The 2024 competition to be crowned World’s Greatest Horseman was full of the best of the best. Among all the talent, Shawn Hays and MoonshineAndTwoAdvil rose to the top.

The National Reined Cow Horse Association Kalpowar Quarter Horses Celebration of Champions may have kicked off on February 11, but for Shawn Hays, the journey to the top started seven years ago when he started working with his horse, MoonshineAndTwoAdvil, as a 3-year-old.

Hays recently joined the NRCHA Million Dollar Rider Club and can now add World’s Greatest Horseman to his list of accomplishments.

The Ray Shell Ranch and Western Bloodstock World’s Greatest Horseman competition began with over 70 entries before narrowing down to the top 16, advancing to the finals on February 24, 2024. Boyd Rice and Saddling At Sunrise started the day of finals with a 222.5 to take the lead in the herd work. Kelby Phillips scored a 226 in the steer stopping aboard Duals Lucky Charm. Time For The Diamond and Nick Dowers lit up the arena with a 227 during the rein work, and Brandon Buttars and Cuttin Wright Up had the highest score in the cow work portion with a 228.5.

Hays and MoonshineAndTwoAdvil ended the day having scored an 885.5 (herd: 221.5; steer stopping: 222.5; rein work: 217; cow work: 224.5). Close behind him in second place was Boyd Rice aboard Saddling At Sunrise with a composite score of 884.

This isn’t Hays’ or MoonshineAndTwoAdvil’s first time attempting the WGH title. The year 2024 marks their fourth time competing. Hays remarked that the steer stopping portion of the event was where they had struggled in the past, and this year, with lots of hard work and roping practices put in, he wasn’t going to let that be what slowed them down.

Hays had to grab his hat during the rein work portion. Photo by Amy Olson

“It finally paid off,” Hays says. “We finally got it. The fourth time was a charm, I guess, instead of the third time. I’ve been second at this deal twice, and it just feels great to finally get over being a bridesmaid.”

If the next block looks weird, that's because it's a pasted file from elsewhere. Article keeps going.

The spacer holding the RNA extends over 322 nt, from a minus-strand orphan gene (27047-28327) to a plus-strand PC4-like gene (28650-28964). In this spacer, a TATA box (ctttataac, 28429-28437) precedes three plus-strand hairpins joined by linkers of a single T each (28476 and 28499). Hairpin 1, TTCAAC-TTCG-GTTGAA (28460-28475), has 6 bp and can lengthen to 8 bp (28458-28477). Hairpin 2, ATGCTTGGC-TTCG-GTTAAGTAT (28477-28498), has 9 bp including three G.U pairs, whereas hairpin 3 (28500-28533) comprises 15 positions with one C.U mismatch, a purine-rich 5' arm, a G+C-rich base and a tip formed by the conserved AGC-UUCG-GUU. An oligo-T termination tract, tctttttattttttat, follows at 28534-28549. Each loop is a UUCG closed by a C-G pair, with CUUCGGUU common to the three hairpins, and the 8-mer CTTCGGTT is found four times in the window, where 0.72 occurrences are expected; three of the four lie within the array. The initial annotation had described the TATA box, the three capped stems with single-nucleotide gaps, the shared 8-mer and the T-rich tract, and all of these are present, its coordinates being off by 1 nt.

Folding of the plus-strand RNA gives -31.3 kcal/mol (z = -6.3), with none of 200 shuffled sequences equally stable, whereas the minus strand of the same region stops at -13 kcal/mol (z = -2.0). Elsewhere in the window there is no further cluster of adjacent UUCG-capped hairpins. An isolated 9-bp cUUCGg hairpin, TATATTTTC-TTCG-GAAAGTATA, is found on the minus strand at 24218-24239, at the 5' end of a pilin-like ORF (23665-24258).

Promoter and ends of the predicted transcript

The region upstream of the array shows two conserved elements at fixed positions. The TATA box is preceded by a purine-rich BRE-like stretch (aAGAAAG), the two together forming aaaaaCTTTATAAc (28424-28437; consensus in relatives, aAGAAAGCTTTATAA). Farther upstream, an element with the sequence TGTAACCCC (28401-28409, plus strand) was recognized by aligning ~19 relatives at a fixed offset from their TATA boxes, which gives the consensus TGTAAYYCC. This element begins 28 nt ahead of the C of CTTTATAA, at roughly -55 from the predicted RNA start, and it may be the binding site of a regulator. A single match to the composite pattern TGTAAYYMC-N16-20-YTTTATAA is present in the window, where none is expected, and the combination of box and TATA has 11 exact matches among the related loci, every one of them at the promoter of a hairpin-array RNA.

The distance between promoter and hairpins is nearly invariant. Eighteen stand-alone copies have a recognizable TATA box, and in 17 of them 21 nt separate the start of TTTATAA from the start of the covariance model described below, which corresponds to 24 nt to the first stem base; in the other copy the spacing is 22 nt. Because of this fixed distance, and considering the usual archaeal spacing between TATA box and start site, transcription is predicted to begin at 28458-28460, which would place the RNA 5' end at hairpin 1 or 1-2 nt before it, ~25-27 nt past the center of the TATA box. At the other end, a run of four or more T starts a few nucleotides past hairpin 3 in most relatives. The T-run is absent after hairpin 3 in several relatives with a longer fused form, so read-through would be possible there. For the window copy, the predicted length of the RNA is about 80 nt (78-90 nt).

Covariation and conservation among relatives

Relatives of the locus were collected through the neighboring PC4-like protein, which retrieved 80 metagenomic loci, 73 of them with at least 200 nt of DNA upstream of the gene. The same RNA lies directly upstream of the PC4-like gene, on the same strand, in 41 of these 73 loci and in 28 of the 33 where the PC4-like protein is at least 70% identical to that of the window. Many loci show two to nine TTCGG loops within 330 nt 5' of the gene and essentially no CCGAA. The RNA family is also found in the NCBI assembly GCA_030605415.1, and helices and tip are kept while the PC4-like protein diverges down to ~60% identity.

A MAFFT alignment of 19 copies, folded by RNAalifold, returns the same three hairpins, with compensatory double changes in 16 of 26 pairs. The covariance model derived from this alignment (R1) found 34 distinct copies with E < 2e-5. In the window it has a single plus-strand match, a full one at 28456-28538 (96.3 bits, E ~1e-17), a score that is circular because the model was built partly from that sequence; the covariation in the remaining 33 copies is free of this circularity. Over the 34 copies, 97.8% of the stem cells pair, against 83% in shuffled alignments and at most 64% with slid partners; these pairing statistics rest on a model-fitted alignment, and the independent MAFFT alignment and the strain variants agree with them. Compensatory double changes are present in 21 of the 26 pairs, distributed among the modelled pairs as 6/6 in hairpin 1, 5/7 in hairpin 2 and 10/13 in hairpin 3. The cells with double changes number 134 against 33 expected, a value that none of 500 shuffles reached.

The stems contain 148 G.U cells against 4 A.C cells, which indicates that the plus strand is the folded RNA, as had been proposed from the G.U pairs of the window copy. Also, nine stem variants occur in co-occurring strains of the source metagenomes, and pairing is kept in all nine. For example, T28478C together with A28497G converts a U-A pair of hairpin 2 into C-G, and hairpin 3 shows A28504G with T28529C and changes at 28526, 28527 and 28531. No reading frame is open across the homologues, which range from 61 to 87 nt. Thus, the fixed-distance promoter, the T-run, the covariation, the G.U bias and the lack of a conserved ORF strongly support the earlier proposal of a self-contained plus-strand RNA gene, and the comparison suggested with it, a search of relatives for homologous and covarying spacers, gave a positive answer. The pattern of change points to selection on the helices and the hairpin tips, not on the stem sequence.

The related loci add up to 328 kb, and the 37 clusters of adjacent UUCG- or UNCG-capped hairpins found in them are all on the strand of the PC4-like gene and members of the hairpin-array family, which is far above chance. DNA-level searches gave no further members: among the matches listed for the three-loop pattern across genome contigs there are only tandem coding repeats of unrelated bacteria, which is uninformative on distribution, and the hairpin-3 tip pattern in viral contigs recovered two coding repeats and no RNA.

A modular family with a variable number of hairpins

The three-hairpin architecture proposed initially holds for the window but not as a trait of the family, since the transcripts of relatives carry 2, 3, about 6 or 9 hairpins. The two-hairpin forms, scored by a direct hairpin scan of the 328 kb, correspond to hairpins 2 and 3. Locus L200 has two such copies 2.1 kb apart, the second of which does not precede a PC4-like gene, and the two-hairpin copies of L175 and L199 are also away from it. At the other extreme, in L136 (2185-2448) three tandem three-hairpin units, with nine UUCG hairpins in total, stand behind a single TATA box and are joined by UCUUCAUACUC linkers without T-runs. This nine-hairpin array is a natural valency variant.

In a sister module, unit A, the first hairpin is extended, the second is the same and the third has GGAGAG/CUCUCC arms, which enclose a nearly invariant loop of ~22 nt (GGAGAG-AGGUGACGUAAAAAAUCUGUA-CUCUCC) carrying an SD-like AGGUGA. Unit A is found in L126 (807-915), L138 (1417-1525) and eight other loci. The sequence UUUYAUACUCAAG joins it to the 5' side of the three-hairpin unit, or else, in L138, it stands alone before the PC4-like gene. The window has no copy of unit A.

He is certainly the bride now and walked away with $150,000 in prize money. The total purse for WGH was $393,000 — the largest payout to date.

Hays wasn’t always standing on the NRCHA winner’s podium. He didn’t get started with cow horses until he was in his 30s. Don Murphy, NRCHA Hall of Fame member, was the person responsible for introducing Hays and his family to the sport.

MoonshineAndTwoAdvil is a 2014 gelding by Metallic Cat and out of Little Short Stuff, owned by Wichita Ranch. According to EquiStat, the gelding has earned $171,470, not including the prize money from winning WGH.

“It should be called World’s Greatest Horse, I think. He just gave his all tonight, and I was really pleased with him.” — Shawn Hays

Hays says that MoonshineAndTwoAdvil excels in the events where a cow is involved. The duo was the first out for the fence work, and following a great run down the fence, Hays’ excitement and joy could not be contained. The crowd in the Will Rogers Coliseum cheered as he lifted his hat in the air.

But with 15 more horse and rider teams to go, also vying for the lead, Hays knew there was nothing more to do. He had put his best foot forward, and all that was left was to wait.

“I just went back to the stalls,” Hays says. “I [thought], ‘Man, I can’t watch. I can’t wish anyone bad luck.’ So, I just sat back there and figured if the Lord wanted me to win, I was going to win it. If not, that’s just the way it was going to be, but I knew I did all that I could do.”

All of their hard work and patience certainly paid off for the pair.

The World’s Greatest Youth Horseman title was captured by Nicole Donahoo aboard Very Smart Pearl.

Very Smart Pearl is a 2015 gelding by Very Smart Remedy out of Black Pearl, owned by Nicole Donahoo and bred by Ward Ranch.

“He has so much heart, and you can always count on him.” — Nicole Donahoo describes her favorite things about Very Smart Pearl.

This duo has been together for three years, with the goal of one day making it to this championship.

Nicole Donahoo and Very Smart Pearl work the cow in the fence finals.

“It feels pretty amazing,” Donahoo says, unable to keep the smile off her face following the awards ceremony. “Ever since I first bought him, this has been my ultimate goal. So, to get it done has been pretty crazy.”

The youth had a tough field of over 40 competitors, and only the top 11 moved to compete in the Fence-Only Finals, held February 24, 2024, in conjunction with the WGH Finals. Donahoo was in the lead in the standings heading into the final event, a lead she was hoping to hold onto.

“He was awesome,” Donahoo says. “We had a pretty tricky cow, and he handled everything. He covered my butt a couple of times, too… He comes out every day and tries so hard.”

Donahoo captured the title with a composite score of 1,074. Close behind in second with a 1,073.5 was Tylie Norcutt riding Soulas Hickory Star.

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